Hope or Hype?

Groundbreaking Alzheimer’s Drug Signals Progress, but Doubts Remain


It’s been nearly five months since the Food and Drug Administration approved the first new Alzheimer’s treatment since 2003, but its potential impact has been mired in controversies about the approval process, who should get the treatment, its efficacy in fighting the disease, and its cost. 


However, despite the troubles, there are some who see the new drug as a shift in how to battle a disease that affects 6.2 million Americans age 65 and older, a number expected to grow to more than 12 million by 2040.


The new medicine, called Aduhelm (generic name aducanumab), was granted a historic accelerated approval for Alzheimer’s treatment by the FDA on June 7 of this year. The drug company Biogen, of Cambridge, Massachusetts, makes the drug.


The drug is the first of its kind to attack what many believe is an underlying cause of Alzheimer’s disease. It works by eliminating clumps of a toxic protein thought to destroy neurons in the brain that lead to cognitive decline. The proteins, known as beta-amyloid plaques and tau, were first discovered in 1984 and are common in people with dementia. 


Aduhelm is a monoclonal antibody that stimulates the immune system to target and break down these plaques and is specifically designed for people with the earliest stages of Alzheimer’s disease. People with later stages of Alzheimer’s were not part of the research studies used by the FDA.


According to the FDA, researchers evaluated Aduhelm’s efficacy in three separate studies, which showed that patients receiving the treatment had significant dose- and time-dependent reduction of the amyloid plaque, while patients in the control group had no reduction.


Patients are given a one-hour Aduhelm infusion intravenously once a month for an indefinite period of time. The most common side effect was short-term brain-swelling. Other side effects included confusion and disorientation.


The results of the research warranted the “fast track” designation, which, according to the FDA, “seeks to expedite the development and review of drugs that are intended to treat serious conditions where initial evidence showed the potential to address an unmet need.”


As part of the accelerated approval provisions, the FDA is requiring Biogen to conduct a new, randomized clinical trial to verify the drug’s clinical benefit. If that trial fails, the FDA may initiate proceedings to withdraw approval.


The fact that the FDA approved Aduhelm despite objections from its own independent advisers — many of whom resigned as a result — may have signaled trouble for the new treatment. 


The approval process, as well as unclear guidelines as to who, specifically, is eligible for the treatments, has caused some major medical centers to remain undecided on whether to use Aduhelm. Cleveland Clinic and Mass General Brigham in Boston say they’ll pass on it for now, according to reports. In addition, one neurology practice has even banned the company’s sales reps from its offices, citing concerns about the drug and its price, which can climb past $50,000 annually.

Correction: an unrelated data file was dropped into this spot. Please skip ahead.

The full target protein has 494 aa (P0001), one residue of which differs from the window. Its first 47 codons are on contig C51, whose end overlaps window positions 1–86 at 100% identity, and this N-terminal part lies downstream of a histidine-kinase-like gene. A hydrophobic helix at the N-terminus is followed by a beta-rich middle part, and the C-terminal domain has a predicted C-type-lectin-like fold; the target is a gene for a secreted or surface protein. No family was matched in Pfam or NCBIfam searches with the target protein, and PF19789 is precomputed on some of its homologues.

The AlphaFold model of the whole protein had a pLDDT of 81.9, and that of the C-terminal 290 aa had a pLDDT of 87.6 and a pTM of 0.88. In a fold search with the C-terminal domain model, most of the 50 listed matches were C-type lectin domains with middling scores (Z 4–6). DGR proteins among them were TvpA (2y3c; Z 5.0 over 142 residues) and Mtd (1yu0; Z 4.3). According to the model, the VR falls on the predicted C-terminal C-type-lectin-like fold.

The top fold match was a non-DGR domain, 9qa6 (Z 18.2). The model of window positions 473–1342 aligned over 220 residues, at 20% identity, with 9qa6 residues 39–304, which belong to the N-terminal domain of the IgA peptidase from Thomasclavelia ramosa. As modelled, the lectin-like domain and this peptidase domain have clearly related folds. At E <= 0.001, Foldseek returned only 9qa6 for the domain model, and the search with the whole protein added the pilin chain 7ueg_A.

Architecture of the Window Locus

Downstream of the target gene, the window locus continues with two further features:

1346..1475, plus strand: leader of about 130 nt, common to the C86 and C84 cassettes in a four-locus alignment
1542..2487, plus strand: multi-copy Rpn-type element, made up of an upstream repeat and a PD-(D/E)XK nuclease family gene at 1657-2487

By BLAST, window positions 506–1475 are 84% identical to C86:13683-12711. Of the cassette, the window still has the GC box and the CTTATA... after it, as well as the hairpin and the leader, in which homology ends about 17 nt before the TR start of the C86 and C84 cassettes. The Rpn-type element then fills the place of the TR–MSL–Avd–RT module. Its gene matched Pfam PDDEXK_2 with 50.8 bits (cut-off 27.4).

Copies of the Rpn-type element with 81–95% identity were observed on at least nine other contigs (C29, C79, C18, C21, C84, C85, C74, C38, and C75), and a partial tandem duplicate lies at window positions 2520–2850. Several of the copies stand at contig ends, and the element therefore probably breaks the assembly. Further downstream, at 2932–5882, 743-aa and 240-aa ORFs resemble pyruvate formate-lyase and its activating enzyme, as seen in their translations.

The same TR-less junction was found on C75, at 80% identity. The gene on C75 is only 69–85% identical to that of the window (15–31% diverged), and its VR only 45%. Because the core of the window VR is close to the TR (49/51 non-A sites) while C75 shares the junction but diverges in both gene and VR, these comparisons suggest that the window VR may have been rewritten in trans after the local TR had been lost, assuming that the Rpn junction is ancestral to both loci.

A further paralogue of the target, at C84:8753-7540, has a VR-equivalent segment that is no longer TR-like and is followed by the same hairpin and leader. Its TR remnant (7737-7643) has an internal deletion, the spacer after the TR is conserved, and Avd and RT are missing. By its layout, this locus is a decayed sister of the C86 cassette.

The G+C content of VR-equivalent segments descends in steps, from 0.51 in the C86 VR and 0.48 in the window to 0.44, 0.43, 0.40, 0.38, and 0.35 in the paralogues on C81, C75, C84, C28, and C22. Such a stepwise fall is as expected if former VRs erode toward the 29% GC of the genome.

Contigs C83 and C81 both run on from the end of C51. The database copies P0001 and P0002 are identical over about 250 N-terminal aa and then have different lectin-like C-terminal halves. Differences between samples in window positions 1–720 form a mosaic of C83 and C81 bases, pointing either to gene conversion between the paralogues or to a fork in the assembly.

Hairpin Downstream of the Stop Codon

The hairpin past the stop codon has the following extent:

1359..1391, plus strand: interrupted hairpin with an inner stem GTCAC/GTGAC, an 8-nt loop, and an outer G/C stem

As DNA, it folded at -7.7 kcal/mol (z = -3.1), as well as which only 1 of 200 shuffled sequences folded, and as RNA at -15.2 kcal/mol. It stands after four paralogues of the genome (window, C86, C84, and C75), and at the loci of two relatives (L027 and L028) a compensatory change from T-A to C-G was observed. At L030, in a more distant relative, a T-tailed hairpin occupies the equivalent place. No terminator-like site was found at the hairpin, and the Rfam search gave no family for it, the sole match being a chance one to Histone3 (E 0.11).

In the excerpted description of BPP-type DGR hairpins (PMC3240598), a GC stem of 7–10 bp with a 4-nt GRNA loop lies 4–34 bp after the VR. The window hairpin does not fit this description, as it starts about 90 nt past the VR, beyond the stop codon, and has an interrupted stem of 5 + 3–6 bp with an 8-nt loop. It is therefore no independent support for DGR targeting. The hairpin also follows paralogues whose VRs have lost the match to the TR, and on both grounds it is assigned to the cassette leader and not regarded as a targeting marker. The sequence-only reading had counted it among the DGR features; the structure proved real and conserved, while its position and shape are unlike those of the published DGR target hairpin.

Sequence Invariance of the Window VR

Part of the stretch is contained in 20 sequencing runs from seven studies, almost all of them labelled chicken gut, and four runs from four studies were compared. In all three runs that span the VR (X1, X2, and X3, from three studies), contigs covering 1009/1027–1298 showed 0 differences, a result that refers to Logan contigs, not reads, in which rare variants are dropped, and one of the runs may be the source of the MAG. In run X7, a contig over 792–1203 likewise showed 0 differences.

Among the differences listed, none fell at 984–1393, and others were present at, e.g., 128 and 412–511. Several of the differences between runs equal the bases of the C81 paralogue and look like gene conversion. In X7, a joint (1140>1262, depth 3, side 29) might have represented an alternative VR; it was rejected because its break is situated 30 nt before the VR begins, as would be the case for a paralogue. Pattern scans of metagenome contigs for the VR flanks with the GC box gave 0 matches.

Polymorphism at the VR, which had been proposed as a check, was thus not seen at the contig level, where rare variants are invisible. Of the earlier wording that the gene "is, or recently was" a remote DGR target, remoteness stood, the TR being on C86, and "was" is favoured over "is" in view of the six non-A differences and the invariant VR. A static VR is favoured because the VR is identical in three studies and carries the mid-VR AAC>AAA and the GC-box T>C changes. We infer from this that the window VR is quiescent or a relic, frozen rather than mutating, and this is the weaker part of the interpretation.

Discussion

The high cost of treatment, low numbers of sites administering the treatment, as well as the confusion surrounding the fast-track approval and eligibility guidelines have seemingly cast a cloud over the new drug.


Many mainstream news stories related to the drug are now focused on potential financial losses to Biogen, such as The New York Times’ October 20 article headlined “Sales of Biogen’s Alzheimer’s Drug Fall Short of Expectations.” 


However, focusing on the company’s financial impact misses the point of what Aduhelm signals, according to Kristen Clifford, chief program officer for the Alzheimer’s Association.


“Aduhelm is the first approved treatment to attempt to change the underlying course of the disease,” writes Clifford in a post on the Alzheimer’s Association website. “Simply put: The availability of a new drug signals a new day in Alzheimer’s treatment.”


Clifford says there are several other medications that focus on anti-amyloids in the FDA pipeline, and even more to come. In addition, as groups like the Alzheimer’s Association work with experts in the field to develop guiding principles for administration, insurance coverage, and access for people in all communities, there will be more opportunities to better manage and potentially slow the progression of this disease.


“With new and improved drugs under development every day, this is just the beginning,” says Clifford. “These anti-amyloid drugs are not a cure; they are showing us how to slow, modify or change a disease that continues to devastate families and communities around the world … giving families the possibility of more time to maintain their memories and thinking abilities.” 

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